I have recently spent some time observing and analyzing the behaviour of successful writers, as I try to wrap myself around writing our book. What definitely struck a cord in me was to see what these people need to tap into on their journey to a successful piece of writing. The mood swings, the emotional ups and downs that take over in order to experience something, anything, that will profoundly affect them enough to transform it into words worthy of putting on a page. Feelings so raw that I wonder…is this emotional roller coaster a sign of slowly losing your mind, or is it the actual creative process to writing?

When I look inside myself immediately I think, “Yes, I am not nuts!”. For the longest time, from a “What the hell is he trying to pull out of me?” poetry-writing class in college to 12 years of business and marketing writing, I struggled with the emotions involved when writing any piece subject to criticism and scrutiny. The high of a potentially great idea; the anguish of narrowing down your approach; the fear of not being good enough; and, finally the anger and frustration of a blank page, almost giving up and calling it a day until…the overwhelming tipping point that almost always leads to a fabulous breakthrough. A flood of ideas, words and sentences that you could not imagine any other way. A piece you start to believe will be worthy of your blood, sweat and tears. Literally.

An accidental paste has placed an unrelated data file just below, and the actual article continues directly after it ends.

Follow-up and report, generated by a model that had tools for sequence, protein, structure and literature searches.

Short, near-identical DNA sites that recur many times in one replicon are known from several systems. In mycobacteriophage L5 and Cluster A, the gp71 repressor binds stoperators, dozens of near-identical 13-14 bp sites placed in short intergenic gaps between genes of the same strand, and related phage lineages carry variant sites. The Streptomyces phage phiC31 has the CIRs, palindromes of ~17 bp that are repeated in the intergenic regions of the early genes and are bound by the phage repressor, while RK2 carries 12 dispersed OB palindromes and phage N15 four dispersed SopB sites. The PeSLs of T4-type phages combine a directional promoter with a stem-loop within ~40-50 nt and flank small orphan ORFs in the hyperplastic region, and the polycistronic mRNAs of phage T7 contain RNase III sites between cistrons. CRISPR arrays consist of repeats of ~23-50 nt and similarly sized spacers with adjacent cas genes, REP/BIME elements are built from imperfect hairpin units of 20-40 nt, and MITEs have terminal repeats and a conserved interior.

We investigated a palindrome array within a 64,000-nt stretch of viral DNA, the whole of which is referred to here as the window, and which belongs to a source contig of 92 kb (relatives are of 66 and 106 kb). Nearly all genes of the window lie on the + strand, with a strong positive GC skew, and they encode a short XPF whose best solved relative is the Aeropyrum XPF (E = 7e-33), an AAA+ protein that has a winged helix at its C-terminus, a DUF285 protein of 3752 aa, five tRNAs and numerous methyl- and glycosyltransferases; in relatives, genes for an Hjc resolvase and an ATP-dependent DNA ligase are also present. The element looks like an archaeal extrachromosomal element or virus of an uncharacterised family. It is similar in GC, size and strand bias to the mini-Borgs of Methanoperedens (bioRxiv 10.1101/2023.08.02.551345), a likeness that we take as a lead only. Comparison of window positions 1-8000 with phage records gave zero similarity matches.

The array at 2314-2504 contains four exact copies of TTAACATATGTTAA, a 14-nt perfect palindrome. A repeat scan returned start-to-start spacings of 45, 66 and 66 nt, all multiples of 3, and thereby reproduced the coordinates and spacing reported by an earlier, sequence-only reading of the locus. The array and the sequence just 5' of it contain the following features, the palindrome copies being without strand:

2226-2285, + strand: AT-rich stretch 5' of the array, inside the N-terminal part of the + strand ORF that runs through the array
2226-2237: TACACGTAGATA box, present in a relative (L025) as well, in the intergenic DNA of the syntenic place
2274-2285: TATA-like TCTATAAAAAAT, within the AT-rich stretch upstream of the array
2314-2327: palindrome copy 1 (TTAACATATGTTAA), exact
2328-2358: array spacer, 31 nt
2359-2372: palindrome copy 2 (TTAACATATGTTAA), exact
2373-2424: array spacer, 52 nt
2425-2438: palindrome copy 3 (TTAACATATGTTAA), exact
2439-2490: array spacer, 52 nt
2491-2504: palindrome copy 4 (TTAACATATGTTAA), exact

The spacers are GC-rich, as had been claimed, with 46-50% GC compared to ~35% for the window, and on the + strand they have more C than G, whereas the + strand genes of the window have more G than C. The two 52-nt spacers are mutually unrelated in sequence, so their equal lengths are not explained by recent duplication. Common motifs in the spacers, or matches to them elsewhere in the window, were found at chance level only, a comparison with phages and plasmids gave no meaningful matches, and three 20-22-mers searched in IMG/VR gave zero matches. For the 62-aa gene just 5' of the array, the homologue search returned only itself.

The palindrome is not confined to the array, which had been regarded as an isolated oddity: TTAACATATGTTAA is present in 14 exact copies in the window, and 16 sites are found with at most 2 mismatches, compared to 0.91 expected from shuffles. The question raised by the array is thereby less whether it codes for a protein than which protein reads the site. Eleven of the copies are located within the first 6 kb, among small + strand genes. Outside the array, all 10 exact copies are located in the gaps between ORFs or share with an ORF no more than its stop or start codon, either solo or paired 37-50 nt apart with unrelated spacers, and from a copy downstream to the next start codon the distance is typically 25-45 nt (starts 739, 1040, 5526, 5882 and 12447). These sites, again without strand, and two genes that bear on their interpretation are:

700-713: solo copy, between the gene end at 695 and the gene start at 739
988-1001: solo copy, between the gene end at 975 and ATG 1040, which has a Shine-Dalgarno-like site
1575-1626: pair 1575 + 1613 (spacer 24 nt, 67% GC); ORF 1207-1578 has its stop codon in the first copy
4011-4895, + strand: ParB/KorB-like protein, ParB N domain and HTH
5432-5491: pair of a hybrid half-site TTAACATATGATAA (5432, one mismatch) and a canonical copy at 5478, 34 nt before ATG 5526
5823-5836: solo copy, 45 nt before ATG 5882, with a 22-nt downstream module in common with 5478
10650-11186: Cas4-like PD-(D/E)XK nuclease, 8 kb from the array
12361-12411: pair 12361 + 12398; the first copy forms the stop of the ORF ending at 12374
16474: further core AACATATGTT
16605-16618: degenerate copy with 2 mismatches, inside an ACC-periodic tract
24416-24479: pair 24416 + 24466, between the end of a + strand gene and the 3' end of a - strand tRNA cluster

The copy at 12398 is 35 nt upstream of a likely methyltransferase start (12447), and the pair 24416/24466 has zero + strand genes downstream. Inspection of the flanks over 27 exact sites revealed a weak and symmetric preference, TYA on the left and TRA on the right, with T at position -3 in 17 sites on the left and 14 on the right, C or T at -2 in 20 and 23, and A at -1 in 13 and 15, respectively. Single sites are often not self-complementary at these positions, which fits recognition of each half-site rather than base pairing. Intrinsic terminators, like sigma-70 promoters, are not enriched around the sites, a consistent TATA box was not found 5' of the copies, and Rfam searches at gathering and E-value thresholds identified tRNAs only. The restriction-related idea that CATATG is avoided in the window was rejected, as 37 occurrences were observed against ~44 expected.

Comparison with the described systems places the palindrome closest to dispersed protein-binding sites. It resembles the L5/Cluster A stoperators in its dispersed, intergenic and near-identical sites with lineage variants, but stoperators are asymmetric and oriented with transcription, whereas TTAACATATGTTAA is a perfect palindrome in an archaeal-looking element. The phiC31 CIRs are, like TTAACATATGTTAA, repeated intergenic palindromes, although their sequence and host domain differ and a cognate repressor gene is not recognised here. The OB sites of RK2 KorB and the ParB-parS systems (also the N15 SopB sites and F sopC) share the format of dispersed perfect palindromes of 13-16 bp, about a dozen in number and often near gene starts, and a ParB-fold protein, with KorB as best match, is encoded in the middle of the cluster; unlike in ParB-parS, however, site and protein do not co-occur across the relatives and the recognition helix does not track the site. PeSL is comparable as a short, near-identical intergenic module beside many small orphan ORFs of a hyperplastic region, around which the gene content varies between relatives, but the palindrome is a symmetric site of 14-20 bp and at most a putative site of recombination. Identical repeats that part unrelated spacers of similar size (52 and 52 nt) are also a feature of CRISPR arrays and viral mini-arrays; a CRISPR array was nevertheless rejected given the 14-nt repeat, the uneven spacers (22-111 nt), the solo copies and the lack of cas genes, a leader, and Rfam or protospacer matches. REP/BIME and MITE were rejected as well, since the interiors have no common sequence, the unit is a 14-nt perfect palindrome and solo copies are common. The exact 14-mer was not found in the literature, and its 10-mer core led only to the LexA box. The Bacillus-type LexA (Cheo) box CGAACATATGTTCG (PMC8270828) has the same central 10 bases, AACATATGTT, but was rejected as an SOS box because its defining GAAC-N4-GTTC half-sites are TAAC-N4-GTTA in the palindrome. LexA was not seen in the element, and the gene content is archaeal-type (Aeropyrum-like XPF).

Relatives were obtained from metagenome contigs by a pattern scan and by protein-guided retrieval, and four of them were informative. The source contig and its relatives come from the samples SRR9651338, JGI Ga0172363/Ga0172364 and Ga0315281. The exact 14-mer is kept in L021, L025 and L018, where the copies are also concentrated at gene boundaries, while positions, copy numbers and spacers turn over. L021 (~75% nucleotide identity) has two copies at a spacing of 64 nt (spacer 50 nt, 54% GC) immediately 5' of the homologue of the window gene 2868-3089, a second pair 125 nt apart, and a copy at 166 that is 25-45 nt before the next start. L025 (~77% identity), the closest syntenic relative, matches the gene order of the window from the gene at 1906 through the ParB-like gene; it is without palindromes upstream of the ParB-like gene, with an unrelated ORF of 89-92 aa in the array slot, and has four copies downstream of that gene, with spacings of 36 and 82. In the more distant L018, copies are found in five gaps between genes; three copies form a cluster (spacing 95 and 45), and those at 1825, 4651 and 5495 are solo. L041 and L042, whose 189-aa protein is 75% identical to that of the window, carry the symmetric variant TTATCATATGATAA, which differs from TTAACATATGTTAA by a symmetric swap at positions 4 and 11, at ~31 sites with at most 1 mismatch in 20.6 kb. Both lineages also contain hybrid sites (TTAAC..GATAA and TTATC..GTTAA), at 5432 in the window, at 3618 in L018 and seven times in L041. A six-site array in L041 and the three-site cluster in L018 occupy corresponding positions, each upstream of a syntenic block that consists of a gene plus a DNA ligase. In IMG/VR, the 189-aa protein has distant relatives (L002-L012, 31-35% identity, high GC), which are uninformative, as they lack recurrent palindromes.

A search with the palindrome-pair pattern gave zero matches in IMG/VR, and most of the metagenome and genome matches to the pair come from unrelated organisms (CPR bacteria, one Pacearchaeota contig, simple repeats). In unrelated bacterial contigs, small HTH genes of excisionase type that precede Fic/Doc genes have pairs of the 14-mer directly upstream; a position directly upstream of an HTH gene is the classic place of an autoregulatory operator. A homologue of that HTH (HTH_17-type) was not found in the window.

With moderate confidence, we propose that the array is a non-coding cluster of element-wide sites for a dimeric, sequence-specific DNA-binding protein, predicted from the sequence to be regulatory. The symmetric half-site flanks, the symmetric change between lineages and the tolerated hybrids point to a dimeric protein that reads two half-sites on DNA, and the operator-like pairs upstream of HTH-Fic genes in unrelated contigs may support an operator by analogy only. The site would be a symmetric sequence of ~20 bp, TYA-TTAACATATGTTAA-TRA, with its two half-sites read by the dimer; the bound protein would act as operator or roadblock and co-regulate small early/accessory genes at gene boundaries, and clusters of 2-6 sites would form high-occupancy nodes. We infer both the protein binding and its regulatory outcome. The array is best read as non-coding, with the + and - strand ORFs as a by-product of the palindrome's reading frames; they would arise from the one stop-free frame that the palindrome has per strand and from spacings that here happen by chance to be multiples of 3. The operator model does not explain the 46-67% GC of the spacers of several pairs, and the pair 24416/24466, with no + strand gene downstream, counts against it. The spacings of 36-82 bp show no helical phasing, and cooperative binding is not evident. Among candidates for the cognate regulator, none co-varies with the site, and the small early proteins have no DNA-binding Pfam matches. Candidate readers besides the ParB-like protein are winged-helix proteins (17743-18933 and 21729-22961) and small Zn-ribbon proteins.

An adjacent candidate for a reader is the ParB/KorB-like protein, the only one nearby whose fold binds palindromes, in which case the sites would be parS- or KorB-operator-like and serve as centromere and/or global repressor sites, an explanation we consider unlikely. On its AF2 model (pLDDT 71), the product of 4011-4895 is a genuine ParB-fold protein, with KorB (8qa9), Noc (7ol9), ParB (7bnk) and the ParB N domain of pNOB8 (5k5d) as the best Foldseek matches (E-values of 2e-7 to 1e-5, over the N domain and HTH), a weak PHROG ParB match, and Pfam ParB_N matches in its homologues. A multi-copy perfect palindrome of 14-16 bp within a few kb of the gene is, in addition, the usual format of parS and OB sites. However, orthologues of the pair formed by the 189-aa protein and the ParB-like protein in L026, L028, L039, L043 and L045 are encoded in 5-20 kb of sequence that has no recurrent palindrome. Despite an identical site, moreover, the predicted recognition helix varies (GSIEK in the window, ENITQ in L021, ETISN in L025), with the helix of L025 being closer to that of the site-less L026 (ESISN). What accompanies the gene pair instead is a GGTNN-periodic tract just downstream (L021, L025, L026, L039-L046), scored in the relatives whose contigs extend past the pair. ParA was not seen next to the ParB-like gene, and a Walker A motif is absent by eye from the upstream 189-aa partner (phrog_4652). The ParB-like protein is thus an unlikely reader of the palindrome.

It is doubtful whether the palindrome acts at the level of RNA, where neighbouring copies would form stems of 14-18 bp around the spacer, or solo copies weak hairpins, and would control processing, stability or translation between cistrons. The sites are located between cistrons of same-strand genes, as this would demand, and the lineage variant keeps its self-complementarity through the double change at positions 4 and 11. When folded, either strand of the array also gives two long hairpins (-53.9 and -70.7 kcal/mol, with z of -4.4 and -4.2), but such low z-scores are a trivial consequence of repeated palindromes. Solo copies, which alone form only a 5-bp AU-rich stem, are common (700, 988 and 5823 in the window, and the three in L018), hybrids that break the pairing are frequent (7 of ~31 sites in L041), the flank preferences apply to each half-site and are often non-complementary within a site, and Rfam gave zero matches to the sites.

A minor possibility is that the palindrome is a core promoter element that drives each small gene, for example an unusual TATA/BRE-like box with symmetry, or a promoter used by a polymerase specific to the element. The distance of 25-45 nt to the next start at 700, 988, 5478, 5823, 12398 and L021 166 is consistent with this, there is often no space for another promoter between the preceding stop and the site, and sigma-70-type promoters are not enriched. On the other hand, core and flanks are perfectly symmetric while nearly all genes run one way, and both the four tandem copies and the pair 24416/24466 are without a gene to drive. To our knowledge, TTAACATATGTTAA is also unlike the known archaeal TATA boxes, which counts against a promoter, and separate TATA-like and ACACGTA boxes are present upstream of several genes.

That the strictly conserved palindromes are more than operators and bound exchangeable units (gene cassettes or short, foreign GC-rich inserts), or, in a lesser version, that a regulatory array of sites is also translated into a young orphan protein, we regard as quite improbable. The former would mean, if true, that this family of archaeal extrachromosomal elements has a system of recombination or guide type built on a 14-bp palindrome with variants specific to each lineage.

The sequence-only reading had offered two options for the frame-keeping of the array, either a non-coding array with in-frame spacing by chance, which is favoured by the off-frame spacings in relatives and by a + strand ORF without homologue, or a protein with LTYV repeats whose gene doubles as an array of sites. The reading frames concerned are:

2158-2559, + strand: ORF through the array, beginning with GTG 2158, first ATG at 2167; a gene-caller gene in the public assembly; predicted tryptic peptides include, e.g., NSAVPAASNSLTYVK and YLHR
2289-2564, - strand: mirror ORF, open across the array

I have spent all these years fighting this behaviour and not really understanding what I lived, until I took the time to see it in others. What I believed was my own weakness, a false sense of lack of experience and an overall ineptitude of my craft, has already begun to transform into a growing acceptance of my creative process. The clarity and understanding of what I need to experience as a writer in order to produce a piece, that ultimately pleases the worst critic of all, me, is worth gold as I embark on my own journey of book writing.

What I put on the table for you to consider in all of this, no matter what your passion is, is before you chalk a good part of your career up to being questionable and unsatisfying, take the time to observe, clarify and most of all embrace your own process to producing your best work. Whether it be creative, scientific, physical or intellectual, we all go through it in some kind of way, and imagine the possibilities of showing up in this world if you can learn to harness exactly what makes you do what you do best.